Being fat has always been related to many typical medical and social problems, but when sex becomes an affected issue, it’s more than enough to get most men started.

“Eating towards lousy sex?”

Ah Fai teased when I shifted my belt below the waistline to better stomach a second plate of chicken rice. A mutual friend enjoying a chicken thigh looked up quizzically. Chicken rice causes lousy sex? I was at my heaviest six months ago, at 90 kg with a BMI of 29.5 and a waistline that measured at 100 cm, when we ate at Ah Fai’s restaurant. Ah Fai was heavier at 103 kg and a BMI 30.5. My fellow diner was thus clueless that Ah Fai was referring to my weight gain. We had to reassure him that eating chicken rice is not scientifically known to directly cause lousy sex.

I turn fifty this year. The pot belly has slowly replaced the waist over the last two decades, and this change has never been more obviously observable than in the last half-year or so. Jeans bought six months ago felt tight around the waist… Well, around the navel actually, where the waist once was. I had gained 20 kg in just as many years.

“Lousy sex!” My restaurant-owner friend was 36 years-old and a hefty 120 kg and had a BMI of 35.5 when he gave a testimony on male obesity at a mid-2004 public talk. Most of us are aware of the link between obesity and a FAT list of illnesses, including high blood pressure, diabetes, damage of the weight-bearing joints, high blood lipids, sleep apnea and so on. Young Ah Fai is aware of this, but he is free of these related illnesses and is thus unaffected by any directly weight related issues. A happy-go-lucky bachelor who is successful and is more than able to provide the 5 C’s when the need arises, it is actually the onset of reduced sex drive that has motivated Ah Fai to lose weight.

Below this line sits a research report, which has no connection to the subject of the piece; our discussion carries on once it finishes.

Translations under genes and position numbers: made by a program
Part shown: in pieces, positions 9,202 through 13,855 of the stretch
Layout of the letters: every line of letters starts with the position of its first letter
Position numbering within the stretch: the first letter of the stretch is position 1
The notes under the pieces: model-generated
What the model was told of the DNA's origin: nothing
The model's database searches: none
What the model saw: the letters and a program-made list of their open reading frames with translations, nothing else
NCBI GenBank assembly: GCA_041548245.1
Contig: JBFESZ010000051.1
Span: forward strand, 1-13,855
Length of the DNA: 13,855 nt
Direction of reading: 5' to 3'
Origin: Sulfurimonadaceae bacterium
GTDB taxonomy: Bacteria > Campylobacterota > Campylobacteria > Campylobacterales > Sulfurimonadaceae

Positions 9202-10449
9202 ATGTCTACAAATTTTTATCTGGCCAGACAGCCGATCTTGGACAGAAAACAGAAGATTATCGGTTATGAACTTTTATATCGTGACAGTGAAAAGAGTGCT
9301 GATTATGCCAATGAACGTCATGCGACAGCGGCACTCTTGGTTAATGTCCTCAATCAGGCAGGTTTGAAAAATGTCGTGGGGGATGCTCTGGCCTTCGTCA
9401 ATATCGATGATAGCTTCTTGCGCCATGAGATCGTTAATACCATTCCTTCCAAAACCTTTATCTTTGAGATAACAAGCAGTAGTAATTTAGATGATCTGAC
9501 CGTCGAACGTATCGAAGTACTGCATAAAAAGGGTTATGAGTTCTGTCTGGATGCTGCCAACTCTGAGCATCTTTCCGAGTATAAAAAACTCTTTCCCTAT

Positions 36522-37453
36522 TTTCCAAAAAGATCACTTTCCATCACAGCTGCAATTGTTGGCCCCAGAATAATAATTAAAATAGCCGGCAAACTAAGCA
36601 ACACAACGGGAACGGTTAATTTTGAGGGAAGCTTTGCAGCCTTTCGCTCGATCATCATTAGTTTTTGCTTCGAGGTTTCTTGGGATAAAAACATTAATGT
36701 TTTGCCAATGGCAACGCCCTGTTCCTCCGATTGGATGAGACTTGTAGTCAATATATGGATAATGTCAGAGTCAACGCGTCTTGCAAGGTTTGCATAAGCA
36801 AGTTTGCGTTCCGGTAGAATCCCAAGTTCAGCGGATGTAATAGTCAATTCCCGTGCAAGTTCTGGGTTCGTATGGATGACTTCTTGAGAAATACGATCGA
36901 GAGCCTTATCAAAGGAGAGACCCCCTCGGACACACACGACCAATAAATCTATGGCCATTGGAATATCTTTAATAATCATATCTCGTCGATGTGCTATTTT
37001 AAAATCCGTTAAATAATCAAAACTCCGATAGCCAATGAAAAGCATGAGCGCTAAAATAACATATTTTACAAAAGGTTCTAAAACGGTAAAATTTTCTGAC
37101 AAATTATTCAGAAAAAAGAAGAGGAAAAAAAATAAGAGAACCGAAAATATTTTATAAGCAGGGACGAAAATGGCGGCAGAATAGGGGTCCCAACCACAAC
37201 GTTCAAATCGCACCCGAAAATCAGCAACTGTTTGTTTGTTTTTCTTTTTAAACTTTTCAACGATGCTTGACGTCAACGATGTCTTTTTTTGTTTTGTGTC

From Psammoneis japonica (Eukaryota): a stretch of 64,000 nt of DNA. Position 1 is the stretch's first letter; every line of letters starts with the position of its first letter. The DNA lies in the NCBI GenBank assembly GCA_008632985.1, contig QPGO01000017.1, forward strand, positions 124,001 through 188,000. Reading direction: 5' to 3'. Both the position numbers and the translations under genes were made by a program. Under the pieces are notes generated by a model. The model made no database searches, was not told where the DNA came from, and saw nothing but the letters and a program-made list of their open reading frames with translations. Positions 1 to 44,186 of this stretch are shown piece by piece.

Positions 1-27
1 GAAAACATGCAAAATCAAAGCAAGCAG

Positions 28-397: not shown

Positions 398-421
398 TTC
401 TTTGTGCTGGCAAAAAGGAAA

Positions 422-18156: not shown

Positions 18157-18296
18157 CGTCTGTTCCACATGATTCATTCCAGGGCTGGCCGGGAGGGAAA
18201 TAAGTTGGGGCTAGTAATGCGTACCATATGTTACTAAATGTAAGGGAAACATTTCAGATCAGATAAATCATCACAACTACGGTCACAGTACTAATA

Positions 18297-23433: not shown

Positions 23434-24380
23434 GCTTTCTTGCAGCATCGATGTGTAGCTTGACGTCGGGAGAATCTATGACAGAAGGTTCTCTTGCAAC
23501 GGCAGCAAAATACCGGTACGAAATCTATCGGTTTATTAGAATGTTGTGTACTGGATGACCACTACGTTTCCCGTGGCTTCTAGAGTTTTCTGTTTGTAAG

There are few studies on obesity and reduced sex drive. Most studies are on obesity and impotence. Data from population surveys indicate that obese men have a higher chance of being impotent than men who are otherwise. Studies also suggest that men who are physically active and lean are less likely to have erectile dysfunction.

Being lean and physically active are behaviours that men can adopt. One often-quoted study that was reported in May 2005 shows that one-third of obese men with erectile dysfunction restore their sexual activity after two years of regular exercise and weight reduction. All that is needed is a change in behaviour to up the activity level and eat less.

Ah Fai has been ‘conditioned’ for obesity from a very young age, as social scientists would say that he has been socially and culturally ‘fattened’ since his infant years. A local school of thought has it that a growing child who is physically big is not sickly (as he has enough to eat) and is therefore healthy. Also, a big boy is a strong boy that will grow to be more of a man.

These are some forms of reasoning that encourage weight gain. Eat big and be big, no sweat about it! These are ideal conditions for bulk-growth and eventually contribute towards male obesity. For the many who are obese from their childhood onwards, it is usually a combination of a doting caregiver, a lack of exercise and, later on, ‘makan kakis’ that encourage the fat build-up. Granted that there are minor social stigmas such as the teasing of fat boys by peers, chances are that the big and fat guy is, more often than not, the schoolyard bully. Then again, some young male obese adults may be discriminated against at work and at play, given that there are widespread media messages of bare topped men in jeans and trim males modelling all kinds of wear, and hence develop some psychological problems unless they learn to ‘throw their weight’ to their advantage. In later years, a middle-age spread is often greeted as a sign of success or prosperity.

Continue reading Part II here